MuskOx is excited to share that we have partnered with Myskoxcentrum, a Swedish muskox preservation group. They do the hard work of caring for these amazing creatures and providing muskox education to their many visitors -- and we have the fun job of making sure their staff looks great wearing MuskOx apparel!
We’re very excited about this partnership and wanted to share more about the history and mission of this non-profit organization that exists to save the muskox.
In Herjedalen, Sweden, the home of Myskoxcentrum, the fossil records date back 45,000 years. Unfortunately, due to aggressive hunting, the local muskox population largely died out by the fourteenth century. In 1930, however, an effort was made to reintroduce the muskox into Norway. Eleven muskoxen were purchased in Greenland and brought to Dovrefjell, Norway, located about 150 miles from the site of Myskoxcentrum in Sweden. As the muskox population grew, it continued to spread, ultimately creating a herd to the east in Sweden. In September 1971, five muskoxen crossed the border into Herjedalen, Sweden.
By the mid 90’s the Swedish herd grew to 40. As the herd grew, so did their interaction with humans, which caused stress on the herd and started to impact their overall health. A little-known, unique trait of the muskox is that they rarely run away from predators; they take a stand as a herd to protect their young or other vulnerable members. When a threat from a predator is imminent, they form a defensive ring, exposing all of their horns, and tense their muscles, expelling a huge amount of energy.
Given the arctic climate where muskox live, it’s critical that these majestic animals conserve energy. Muskox typically lose 1/3 of their body weight in the cold months, so any additional exertion of energy compromises their ability to survive the harsh winter. Although a human onlooker might not mean any harm, their mere presence may cause stress for the muskoxen, because when they see animals outside of the herd, they brace for an attack. The continued presence of people meant the herd was burdened by an ongoing perceived threat. The muskoxen felt the need for constant vigilance and this interrupted their natural activities -- many stopped eating altogether.
This led a group of concerned citizens to create Myskoxcentrum, an organization that preserves and protects the muskox and provides safe opportunities for people to learn more about this amazing animal. Myskoxcentrum opened for visitors in June 2010 with a property that is just shy of 40 acres. The location includes three different parks, the largest of which is 10 acres and the only site available to visitors. Guided tours are restricted for a maximum of one hour per day and include only a 15-minute observation session of the six muskoxen on site. Actual muskox contact is limited to veterinary visits once or twice a year. The muskox preservation group safely welcomed over 6,000 visitors in 2019 with safe forms of observation that have maintained the health of the muskox and also allowed the wild herd some peace and quiet in the surrounding territory.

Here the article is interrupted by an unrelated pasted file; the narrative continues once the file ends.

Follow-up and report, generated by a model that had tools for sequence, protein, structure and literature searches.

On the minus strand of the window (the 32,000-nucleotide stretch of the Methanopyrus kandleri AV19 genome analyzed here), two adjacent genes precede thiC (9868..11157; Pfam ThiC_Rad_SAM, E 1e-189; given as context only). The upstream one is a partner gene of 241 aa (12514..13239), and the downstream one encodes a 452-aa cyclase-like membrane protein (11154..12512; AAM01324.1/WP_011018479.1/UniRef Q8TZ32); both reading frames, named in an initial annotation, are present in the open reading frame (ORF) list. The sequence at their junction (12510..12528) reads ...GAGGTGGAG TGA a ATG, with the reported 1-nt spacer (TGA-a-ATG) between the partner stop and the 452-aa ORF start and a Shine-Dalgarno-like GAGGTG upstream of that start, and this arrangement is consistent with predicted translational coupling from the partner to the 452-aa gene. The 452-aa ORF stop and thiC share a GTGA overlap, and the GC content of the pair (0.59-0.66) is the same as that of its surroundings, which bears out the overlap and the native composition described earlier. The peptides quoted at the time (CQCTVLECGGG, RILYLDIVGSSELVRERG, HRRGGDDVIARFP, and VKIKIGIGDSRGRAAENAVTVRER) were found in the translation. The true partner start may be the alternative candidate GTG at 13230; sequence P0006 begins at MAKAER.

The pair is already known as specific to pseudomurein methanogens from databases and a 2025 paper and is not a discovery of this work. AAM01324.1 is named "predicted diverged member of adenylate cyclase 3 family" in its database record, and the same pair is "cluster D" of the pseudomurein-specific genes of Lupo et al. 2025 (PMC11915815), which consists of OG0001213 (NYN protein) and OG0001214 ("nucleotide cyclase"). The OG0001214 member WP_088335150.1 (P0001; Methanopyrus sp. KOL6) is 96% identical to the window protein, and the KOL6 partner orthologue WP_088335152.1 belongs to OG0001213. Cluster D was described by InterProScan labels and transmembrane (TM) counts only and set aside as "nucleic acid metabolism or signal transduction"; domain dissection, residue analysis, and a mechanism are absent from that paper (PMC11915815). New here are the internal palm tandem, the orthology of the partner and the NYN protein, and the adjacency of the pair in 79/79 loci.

Beyond preservation and education, the Myskoxcentrum also plays an important role in releasing new generations of muskox into the wild. In 2011, the organization had their second calf, named Idun, born at the center. In 2013, they received permission from the government to release her, and Idun was placed with the wild herd. She took quickly to her new environment and we are happy to report that the herd took to baby Idun. She has born three calves in the wild since her release, most recently this past spring, bringing the wild population up from five in 2013 to 10 today.
Keep up with us because over the coming months we will be introducing you to our furry friends and residents residents of Myskoxcentrum:
- Härje & Helga, and their calf Ask
- Buddy & Neassa, and their calf Emble
To learn more about Myskoxcentrum, plan a visit or make a donation, visit their website!